Castle have made their PCI API available on their website, and this should be your first stop if you're looking at porting or writing your own driver. The API is very similar to that found in Linux - indeed, this was the root cause of the RISC OS 5 GPL debacle. In any case, this at least makes porting Linux drivers a little easier.
Note however, that just because the RISC OS 5 and Linux PCI APIs are similar doesn't mean that porting Linux drivers is trivial - drivers invariably rely on many OS-specific intefaces, of which PCI is but one, and there will be plenty of leg work still to do.
And of course, if you base a driver on Linux sources, then it'll be GPLed, which somewhat limits your chances of trying to profit financially from making a driver available. Existing BSD drivers may be a better, but possibly harder, route if you're aiming to do this. But the fact that open source drivers exist at all for a given card means that it's much more likely you can also create a RISC OS driver.
To the best of my knowledge, there isn't yet any C interface on RISC OS to the SWIs on Castle's site. However, DeskLib will soon have an interface, as will, I expect, OSLib.
RISC OS 5 does give you two commands which you can use to examine the PCI devices in your Iyonix.
*PCIInfo <n>. I'll let you figure out what they do.
This isn't meant to be a PCI programming tutorial, but I was asked about this privately, so it's worth covering briefly. As is implied by Castle's API, PCI access occurs in various ways. The first is via configuration registers, which identify the device and do various other high level things. Many drivers won't have to touch these. Depending on the card, there will be various regions such as memory, IO and ROM. Memory regions are typically for things like graphics card frame buffers and audio codecs, although some cards have registers there that you might otherwise expect to see in an IO region. ROM regions tend to contain x86 code, and probably aren't interesting on RISC OS. These regions can be mapped into logical memory, so your driver can access them directly.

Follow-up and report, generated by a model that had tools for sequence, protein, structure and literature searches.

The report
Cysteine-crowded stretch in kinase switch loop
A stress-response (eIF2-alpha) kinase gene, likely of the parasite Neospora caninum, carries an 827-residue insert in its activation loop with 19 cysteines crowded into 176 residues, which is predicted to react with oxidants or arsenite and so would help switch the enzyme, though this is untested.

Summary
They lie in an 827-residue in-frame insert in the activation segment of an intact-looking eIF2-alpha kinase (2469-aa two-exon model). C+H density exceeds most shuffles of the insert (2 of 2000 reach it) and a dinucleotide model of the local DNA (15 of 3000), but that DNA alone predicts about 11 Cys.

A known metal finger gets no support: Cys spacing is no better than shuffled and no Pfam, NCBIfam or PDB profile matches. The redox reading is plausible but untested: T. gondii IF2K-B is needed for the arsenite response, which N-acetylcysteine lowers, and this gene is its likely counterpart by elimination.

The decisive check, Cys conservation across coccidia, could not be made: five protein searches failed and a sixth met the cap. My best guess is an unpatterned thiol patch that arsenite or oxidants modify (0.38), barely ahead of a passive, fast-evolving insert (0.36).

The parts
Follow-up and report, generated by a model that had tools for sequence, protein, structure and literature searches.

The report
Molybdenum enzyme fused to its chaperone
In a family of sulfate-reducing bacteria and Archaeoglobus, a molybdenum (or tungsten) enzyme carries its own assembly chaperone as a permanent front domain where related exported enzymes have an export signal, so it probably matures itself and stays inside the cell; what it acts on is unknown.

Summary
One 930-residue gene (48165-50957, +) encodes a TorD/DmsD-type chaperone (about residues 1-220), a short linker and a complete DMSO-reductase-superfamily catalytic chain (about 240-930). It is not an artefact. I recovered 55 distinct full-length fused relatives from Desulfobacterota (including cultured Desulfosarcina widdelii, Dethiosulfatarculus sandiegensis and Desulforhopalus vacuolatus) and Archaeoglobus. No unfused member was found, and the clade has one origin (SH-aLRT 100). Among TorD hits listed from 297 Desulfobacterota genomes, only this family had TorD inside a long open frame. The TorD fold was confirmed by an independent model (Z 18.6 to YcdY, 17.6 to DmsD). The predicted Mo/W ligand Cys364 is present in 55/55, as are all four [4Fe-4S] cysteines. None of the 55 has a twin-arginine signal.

Information on this is currently pretty thin on the ground. The Omega certainly has a PCI interface of some description, and it even has the same Southbrige chip with the various devices on it. The problem is that most of the people who are likely to write or port drivers to RISC OS have an Iyonix, rather than holding out for an Omega. This means unless Iyonix drivers can be ported easily, or the Omega has the same PCI interface, then Omega owners might be left wanting. We'll have to see how this plays out.
In the interests of brevity, I've left out quite a number of things - PCI-X, AGP, bus mastering, etc. I will say only that they exist, and the interested reader should start with the PCI specification linked below.
Let's see those drivers.
Reader Sprow points out that the Iyonix conforms to the PCI 2.2 specification (see below), and probably also to the 2.3 specification. The important point about the latter is that it rules out the 5V only cards, and conformance to this is required by Jnauary next year. This is good news for Iyonix owners, as it means that new PCI cards are much more likely to be suitable.
PCI Specification 2.3
RISC OS 5 PCI Manager
Iyonix PCI Slots